Music Review: The Armoury Show, Waiting For The Floods (Reissue)

Published on April 29th, 2013 in: Current Faves, Music, Music Reviews, Retrovirus |

By Jeffery X Martin


In 1985, The Armoury Show took Britain by storm, billed as the first punk supergroup. By 1987, they had fallen off the radar completely, leaving only one album behind. Cherry Red’s reissue of that album, Waiting For The Floods, is a beautiful shiny thing, a welcome rediscovery of a band that faded out far too quickly.

Consisting of former members of Magazine, The Skids, and Siouxsie & the Banshees (John McGeoch!), The Armoury Show served up gorgeously slick cathedral Goth with strangely danceable grooves. Theirs was not music for the stand and shuffle crowd. You could dress up in your funereal best and still sway your anthemic hips, maybe even crack a smile.

Perhaps it was because their lyrics avoided the standard Gothic trappings. There’s no talk about “darkness” or “the sweet release of death” to be found. Imagine, instead, songs that uplift and inspire without inducing vomiting, the music you listen to before going into battle on horseback, flags waving and the cold wind at your back. Not as provincial as XTC yet just as staunchly British, this is music to hunt for the Holy Grail by.

Lead-off song “Castles in Spain” sets the tone for the whole album. Russell Webb’s fretless bass swirls throughout the song like oil atop a puddle as Richard Jobson exhorts the listeners to “Go on, go on, go on, keep moving.” There’s a stilted majesty to the song, and a hot sense of urgency, as it gathers the audience under its tattered wing and feeds them jagged pieces of night.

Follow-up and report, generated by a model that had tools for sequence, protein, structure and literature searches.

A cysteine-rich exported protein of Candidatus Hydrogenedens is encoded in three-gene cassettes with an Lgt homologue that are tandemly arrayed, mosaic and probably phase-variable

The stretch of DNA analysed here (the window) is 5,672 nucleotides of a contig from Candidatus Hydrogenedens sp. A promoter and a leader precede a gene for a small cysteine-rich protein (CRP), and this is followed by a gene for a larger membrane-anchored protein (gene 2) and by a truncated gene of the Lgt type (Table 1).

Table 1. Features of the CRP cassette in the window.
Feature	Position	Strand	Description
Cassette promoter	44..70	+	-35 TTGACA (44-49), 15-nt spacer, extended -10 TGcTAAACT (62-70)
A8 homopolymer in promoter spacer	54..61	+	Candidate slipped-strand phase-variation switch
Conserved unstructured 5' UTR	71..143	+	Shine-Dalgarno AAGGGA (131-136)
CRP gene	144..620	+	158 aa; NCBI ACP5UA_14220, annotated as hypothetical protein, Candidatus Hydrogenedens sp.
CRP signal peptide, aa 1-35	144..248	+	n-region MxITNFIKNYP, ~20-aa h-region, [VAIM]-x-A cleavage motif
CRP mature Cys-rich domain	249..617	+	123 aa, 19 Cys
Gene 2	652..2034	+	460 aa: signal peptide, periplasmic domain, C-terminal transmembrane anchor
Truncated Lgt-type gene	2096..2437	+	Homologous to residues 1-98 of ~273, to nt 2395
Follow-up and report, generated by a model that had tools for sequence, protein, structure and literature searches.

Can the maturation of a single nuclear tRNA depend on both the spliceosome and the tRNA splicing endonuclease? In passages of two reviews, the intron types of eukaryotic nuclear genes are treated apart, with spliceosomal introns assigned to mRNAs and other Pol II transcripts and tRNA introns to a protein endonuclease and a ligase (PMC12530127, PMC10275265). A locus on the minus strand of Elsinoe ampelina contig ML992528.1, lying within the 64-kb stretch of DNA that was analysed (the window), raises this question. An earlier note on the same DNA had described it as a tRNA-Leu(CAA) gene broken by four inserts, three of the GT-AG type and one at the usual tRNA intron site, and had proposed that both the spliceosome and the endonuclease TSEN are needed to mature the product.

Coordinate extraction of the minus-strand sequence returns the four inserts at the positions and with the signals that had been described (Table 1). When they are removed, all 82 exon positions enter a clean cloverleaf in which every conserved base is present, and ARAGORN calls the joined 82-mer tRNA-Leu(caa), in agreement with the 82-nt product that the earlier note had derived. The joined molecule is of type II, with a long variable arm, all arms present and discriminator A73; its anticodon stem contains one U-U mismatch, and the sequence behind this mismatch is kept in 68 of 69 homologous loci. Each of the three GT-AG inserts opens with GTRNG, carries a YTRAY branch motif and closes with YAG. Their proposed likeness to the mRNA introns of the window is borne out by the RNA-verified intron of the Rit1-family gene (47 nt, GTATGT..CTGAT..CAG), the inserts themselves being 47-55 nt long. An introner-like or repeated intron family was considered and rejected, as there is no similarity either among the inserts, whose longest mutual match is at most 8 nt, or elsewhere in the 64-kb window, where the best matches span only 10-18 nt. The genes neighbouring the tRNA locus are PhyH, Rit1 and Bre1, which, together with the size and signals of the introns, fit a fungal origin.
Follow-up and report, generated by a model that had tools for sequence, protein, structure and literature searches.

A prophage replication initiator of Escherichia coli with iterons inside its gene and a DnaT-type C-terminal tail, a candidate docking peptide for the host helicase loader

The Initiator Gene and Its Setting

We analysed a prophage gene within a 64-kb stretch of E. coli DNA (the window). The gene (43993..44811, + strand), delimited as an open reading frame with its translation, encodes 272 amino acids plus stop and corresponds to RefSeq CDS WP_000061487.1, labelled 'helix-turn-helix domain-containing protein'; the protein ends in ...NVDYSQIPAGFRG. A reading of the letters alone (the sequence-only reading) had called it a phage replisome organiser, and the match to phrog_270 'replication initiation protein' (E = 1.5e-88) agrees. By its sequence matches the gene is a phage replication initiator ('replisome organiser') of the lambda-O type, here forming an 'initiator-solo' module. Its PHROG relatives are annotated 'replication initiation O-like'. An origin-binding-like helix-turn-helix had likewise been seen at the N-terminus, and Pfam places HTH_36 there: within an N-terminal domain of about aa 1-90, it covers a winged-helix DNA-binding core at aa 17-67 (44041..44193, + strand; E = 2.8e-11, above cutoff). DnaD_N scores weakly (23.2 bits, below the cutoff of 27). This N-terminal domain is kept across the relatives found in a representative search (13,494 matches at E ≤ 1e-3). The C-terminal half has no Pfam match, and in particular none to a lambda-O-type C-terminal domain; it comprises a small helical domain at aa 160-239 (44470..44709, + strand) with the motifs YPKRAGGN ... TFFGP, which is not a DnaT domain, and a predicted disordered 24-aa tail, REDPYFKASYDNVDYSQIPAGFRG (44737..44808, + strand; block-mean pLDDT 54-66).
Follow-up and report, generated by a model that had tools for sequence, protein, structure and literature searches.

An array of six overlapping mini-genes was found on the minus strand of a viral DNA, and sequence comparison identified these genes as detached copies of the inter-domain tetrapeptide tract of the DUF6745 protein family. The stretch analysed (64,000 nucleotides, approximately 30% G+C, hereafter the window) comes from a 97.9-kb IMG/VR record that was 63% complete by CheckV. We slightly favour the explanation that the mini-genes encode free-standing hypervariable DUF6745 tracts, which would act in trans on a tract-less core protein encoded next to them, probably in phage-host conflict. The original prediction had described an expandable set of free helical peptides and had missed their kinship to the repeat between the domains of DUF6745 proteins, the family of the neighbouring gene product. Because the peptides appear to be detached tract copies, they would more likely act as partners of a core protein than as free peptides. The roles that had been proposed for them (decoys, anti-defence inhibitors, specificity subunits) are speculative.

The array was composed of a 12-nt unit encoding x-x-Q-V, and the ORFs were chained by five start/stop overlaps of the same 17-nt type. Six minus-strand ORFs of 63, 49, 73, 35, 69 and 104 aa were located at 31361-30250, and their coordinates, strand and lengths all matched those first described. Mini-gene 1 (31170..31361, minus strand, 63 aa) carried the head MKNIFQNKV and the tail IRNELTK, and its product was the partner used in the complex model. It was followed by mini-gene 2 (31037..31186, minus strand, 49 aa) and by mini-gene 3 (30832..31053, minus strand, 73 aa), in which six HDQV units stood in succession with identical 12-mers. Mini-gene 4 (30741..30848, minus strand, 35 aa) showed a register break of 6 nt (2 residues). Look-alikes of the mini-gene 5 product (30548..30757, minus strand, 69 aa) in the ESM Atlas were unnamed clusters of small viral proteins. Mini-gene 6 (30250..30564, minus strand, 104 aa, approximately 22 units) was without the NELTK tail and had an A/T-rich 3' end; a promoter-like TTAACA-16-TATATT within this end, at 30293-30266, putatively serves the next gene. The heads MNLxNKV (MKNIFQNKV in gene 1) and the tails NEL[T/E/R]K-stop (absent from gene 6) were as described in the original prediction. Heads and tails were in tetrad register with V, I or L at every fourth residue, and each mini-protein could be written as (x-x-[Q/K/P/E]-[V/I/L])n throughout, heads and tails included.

Other songs like “We Can Be Brave Again” and “The Glory of Love” keep the tempo and overall feeling of weirdly joyous combat going. “Catherine,” a song not on the original release, wouldn’t be out of place as a romantic spotlight number in a modern musical. Theatrical without being pompous, Waiting For The Floods is Arthurian nationalism at its bravest and most stentorian. You half expect the songs to rise up from the lake, bearing Excalibur.

The two-disc set from Cherry Red Records adds six new songs to the album. The second disc is chock full of remixes, if you’re into that sort of thing. I’m not normally a big fan of them, but I really enjoyed the Wubb Dubb Mix of “Castles in Spain.” The accompanying booklet includes an interview with bassist Russell Webb, lyric sheets, and a documented discography.

It’s probably the most complete collection we’re going to get concerning The Armoury Show, a band that only dropped one album before heading off into obscurity. Even though you can still hear their influence in bands like Editors and White Lies, The Armoury Show was a sweet, singular musical moment, a stirring call to arms, and a quest for greatness that we, at the time, weren’t able to heed. Almost 30 years later, we haven’t quite grasped the sword from their proffered hand.

Waiting For The Floods is out today from Cherry Red Records and is available to order directly from the label’s website.

One Response to “Music Review: The Armoury Show, Waiting For The Floods (Reissue)”

  1. David Cornyn:
    May 20th, 2013 at 4:02 pm

    Hey, it’s got John McGeoch playing on it – what more could anyone want? I would have picked out Higher than the World as a stand-out for the Legend’s guitar work.

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